If Webber came to the Lakers, he undoubtedly would experience a similar renaissance. The Lakers don’t necessarily need him, but they sure could use him. At his best, Webber is a reliable scorer both in the post and from the perimeter. His experience would prove beneficial on a team that is startlingly young.

Certainly there is a concern about his attitude. If he came to the Lakers, would he and Kobe Bryant butt heads? Would Webber sulk and pout when he doesn’t get his way, as he is wont to do?

Webber has been a problem child, but he’s no imbecile. He understands that his reputation is in tatters, and that he’s down to his last chance. If somebody throws you a life preserver, the natural reaction is to be grateful, not to complain that it isn’t big and fancy enough. No matter which team he lands on, Webber would be insane if he did anything other than play his heart out in whatever role he’s asked to perform.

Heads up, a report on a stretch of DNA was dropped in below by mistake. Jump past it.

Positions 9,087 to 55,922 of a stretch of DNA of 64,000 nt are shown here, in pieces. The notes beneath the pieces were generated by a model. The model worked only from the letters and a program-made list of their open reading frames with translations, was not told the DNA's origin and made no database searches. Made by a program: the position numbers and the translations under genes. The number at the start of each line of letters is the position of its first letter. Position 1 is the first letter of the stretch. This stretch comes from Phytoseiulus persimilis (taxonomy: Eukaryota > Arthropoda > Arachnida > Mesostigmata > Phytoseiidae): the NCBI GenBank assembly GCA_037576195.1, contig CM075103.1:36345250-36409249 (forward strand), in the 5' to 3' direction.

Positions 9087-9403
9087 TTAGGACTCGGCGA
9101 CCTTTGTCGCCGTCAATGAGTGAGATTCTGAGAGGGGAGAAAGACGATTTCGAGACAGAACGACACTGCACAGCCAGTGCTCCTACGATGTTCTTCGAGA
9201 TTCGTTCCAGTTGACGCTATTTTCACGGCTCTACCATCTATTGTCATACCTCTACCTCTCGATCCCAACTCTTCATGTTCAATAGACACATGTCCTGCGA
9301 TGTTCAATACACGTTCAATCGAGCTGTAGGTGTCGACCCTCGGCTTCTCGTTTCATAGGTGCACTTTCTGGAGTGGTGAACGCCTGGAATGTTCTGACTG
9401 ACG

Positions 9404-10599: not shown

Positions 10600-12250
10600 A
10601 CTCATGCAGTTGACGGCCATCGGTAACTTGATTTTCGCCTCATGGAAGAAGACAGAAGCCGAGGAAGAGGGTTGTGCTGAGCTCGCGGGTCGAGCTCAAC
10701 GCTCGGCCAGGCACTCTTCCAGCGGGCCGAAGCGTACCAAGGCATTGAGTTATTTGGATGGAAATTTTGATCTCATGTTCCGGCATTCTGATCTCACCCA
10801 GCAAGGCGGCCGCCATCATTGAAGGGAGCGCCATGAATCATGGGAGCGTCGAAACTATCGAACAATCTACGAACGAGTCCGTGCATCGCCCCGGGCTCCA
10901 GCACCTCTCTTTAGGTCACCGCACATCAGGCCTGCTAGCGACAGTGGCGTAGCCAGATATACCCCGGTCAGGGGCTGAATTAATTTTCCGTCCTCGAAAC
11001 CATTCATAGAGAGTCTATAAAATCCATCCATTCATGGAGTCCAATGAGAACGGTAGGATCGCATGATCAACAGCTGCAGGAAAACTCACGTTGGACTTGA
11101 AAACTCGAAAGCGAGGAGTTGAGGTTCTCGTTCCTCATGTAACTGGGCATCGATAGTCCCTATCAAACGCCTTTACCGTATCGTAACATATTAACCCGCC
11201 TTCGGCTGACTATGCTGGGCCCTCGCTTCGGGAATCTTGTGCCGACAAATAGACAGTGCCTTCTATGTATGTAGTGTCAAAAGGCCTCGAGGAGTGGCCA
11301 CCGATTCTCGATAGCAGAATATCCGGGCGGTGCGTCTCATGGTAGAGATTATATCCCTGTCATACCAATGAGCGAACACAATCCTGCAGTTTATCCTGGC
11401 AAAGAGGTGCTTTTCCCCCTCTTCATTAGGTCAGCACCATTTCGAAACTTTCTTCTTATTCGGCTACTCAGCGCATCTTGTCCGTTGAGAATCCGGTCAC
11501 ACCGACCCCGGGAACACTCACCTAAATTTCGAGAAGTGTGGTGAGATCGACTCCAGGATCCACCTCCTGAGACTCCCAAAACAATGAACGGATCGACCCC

The Lakers are in fine shape without C-Web. They can play with anybody in the NBA. But that isn’t the goal. The goal is to beat anybody in the NBA in a seven-game playoff series. These Lakers are getting there, but they’re not there yet. Adding Webber — especially since Chris Mihm is out for the year and Kwame Brown and Lamar Odom are slow to recover from their injuries — would boost their prospects considerably.

Since Webber already has enough money to buy his own franchise, he probably could be had by the Lakers for a pittance. If Webber is in a positive state of mind and has his priorities straight — i.e., wanting to play for a winner and enjoy himself rather than sell himself to the highest bidder to feed his ego — he’ll gladly jump aboard without regard to salary. At this point, it should be about winning. Personal redemption will come with team success.

This is one time that Chris Webber needs to take a timeout. It’ll give him a chance to think about where he’s been, and where he should go next to forget about where he’s been.


Ace said...

I'm conflicted about the possible Chris Webber Aquisition.

Check out my Lakers Blog at: